Disability insurance, — now carried by more than 50 million Americans — generally promises to replace at least half of a person's wages in case of illness or injury. However, in a substantial number of cases, especially those involving workers with long-term or permanent disabilities, it doesn't deliver.
The chief reason — and one that affects not only disability but also the whole universe of employer-provided benefits — is a series of court decisions dealing with the federal benefits law known as ERISA. The decisions have prevented states from extending almost any form of consumer protection to these benefits, and have severely limited individuals' ability to successfully sue their insurers.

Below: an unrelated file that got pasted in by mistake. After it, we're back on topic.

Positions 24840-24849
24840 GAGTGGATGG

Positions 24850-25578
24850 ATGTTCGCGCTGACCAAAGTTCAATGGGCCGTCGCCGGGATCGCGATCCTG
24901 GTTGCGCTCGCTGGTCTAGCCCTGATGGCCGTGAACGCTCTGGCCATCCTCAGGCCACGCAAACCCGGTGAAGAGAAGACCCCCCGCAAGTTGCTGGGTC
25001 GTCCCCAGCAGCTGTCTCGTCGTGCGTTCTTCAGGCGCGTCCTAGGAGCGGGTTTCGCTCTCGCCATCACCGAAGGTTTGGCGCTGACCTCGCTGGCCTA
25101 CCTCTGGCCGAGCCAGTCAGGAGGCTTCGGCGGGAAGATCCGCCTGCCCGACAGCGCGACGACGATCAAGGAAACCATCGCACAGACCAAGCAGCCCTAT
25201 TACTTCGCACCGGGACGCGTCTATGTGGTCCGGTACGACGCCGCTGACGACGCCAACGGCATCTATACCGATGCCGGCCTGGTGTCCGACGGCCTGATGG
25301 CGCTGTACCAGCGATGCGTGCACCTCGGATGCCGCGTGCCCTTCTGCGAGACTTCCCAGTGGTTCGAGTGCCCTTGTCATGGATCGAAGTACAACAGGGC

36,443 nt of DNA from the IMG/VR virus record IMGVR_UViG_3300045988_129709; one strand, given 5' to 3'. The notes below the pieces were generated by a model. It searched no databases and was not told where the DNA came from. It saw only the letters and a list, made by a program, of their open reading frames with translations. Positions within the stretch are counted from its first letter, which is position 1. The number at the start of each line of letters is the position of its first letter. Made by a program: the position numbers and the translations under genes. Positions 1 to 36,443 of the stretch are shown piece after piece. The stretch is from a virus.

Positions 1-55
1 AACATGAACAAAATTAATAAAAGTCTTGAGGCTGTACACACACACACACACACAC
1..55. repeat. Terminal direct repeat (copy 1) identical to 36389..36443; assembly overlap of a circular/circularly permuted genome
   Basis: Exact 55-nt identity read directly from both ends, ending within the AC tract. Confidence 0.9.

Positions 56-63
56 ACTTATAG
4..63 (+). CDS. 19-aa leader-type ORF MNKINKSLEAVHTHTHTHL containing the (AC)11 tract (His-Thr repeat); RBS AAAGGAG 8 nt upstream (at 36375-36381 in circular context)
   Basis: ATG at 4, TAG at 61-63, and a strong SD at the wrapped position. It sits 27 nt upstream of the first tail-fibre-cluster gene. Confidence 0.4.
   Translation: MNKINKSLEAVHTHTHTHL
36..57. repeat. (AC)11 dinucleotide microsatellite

'People who file disability claims today are worse off than they were two or three decades ago,' said Judge William M. Acker Jr., who was appointed to the U.S. District Court in Alabama by President Reagan. 'The law that was supposed to protect them has been turned on its head; the chief beneficiaries are now the insurance companies,' said Acker, who has presided over a variety of disability insurance cases and has written extensively on the subject.
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